In his fifteen-odd years of prose writing, Avraham B. Yehoshua has moved through three distinct phases. His first stories were brief, allegorical narratives, absurdist in tone and dramatization, and existential in import. Later, in the mid-sixties, he wrote longer stories, more psychologically focused and realistically framed, but still dependent upon strong doses of interpretation. And in the seventies, especially with his most recent Hebrew publication, The Lover (haMe'ahev), Yehoshua has turned still further away from symbolism. Instead, his works have become rooted unambiguously in one, all-encompassing reality: war and its accompanying stresses on the human psyche.
The three stories collected in Early in the Summer of 1970 span the three stages of A. B. Yehoshua's writing career…. "The Last Commander," collected in Yehoshua's first volume of stories (The Death of the Old Man, 1963), is a heavily symbolic work with socio-psychological implications. "Early in the Summer of 1970," first published in … the spring of 1971, is structured along the lines of the French nouveau roman, blending reality and fantasy—the fall of a son and the father's wishful dream of his survival—with an abrogated sense of time. And "Missile Base 612," which appeared in … , is a realistic but ironic work about ennui and futility in the life of an intellectual, both at home and at the front. The theme of war unites the three stories; but their particular chronology and varied modes of depiction and narration make the collection an interesting one indeed. (p. 76)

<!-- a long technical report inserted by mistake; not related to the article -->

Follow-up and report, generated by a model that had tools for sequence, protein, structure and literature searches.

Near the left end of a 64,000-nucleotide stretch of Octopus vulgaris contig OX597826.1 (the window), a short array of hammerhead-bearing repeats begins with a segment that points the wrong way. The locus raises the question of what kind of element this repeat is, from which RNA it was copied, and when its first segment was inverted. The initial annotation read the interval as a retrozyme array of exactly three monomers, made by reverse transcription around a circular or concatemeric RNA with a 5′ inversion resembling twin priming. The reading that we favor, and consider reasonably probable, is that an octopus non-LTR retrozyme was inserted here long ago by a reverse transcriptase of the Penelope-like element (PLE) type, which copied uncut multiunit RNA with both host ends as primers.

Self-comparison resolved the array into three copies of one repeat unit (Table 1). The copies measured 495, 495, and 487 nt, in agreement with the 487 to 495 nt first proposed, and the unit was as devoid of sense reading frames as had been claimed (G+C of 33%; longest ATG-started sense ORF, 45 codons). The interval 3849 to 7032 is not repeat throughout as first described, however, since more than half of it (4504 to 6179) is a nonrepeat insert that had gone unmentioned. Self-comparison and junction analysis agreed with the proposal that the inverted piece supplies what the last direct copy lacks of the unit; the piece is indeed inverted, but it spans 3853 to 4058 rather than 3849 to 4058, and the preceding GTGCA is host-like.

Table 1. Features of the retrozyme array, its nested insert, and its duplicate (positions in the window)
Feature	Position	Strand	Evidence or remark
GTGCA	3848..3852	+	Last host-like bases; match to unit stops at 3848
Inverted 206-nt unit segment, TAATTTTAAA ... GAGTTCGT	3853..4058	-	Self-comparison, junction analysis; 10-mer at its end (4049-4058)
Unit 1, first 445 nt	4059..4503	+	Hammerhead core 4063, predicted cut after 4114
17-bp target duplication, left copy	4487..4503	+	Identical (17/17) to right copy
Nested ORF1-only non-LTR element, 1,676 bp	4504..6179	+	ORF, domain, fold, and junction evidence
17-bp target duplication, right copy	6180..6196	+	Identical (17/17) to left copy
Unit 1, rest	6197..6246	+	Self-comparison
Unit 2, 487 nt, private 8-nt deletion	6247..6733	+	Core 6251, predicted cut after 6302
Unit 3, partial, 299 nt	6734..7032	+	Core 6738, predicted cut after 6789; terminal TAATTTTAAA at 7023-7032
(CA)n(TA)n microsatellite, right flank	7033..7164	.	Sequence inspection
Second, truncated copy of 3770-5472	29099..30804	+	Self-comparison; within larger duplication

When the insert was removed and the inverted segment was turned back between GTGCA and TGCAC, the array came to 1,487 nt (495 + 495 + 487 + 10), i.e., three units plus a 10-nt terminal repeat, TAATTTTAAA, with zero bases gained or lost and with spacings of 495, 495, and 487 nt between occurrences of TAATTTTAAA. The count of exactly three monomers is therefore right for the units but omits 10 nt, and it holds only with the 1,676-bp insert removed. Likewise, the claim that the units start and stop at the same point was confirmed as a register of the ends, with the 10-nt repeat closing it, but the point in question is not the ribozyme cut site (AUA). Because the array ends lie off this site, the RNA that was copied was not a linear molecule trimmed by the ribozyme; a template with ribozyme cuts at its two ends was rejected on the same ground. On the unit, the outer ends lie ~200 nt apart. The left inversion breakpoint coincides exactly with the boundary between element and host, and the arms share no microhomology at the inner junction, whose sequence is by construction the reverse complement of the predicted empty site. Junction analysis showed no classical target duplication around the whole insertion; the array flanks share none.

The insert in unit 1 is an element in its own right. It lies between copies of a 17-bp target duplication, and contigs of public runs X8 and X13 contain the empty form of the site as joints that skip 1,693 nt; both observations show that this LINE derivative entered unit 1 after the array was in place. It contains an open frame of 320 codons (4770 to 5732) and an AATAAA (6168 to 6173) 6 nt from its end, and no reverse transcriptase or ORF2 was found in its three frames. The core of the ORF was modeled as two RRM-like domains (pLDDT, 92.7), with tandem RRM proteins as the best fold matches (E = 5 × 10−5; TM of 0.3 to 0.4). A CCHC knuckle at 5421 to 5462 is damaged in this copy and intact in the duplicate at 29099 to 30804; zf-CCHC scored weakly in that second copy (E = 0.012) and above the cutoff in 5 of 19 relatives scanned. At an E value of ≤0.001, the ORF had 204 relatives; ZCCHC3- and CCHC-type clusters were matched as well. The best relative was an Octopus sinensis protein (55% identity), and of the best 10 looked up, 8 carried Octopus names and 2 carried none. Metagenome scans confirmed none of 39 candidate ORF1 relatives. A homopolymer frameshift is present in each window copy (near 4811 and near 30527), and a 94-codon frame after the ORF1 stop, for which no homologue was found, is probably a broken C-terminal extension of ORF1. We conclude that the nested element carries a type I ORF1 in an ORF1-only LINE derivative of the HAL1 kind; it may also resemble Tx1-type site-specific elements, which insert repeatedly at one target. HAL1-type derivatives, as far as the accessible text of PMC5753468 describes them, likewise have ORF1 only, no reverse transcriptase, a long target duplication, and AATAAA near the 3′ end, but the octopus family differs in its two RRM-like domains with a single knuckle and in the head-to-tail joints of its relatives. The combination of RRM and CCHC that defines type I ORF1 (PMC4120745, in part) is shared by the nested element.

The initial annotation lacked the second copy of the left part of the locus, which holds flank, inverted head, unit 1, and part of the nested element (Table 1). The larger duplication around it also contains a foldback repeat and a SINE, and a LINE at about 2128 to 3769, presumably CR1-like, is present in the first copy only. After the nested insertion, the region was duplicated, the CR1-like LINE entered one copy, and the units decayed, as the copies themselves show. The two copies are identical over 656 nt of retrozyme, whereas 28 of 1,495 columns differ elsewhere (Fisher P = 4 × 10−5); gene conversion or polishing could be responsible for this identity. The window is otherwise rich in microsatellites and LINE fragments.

The dichotomous leadership [in "The Last Commander"] represents two diverse attitudes toward war and military achievement. [The commander] Yagnon—the name may be a pun on the Hebrew yagon, "sorrow" or...
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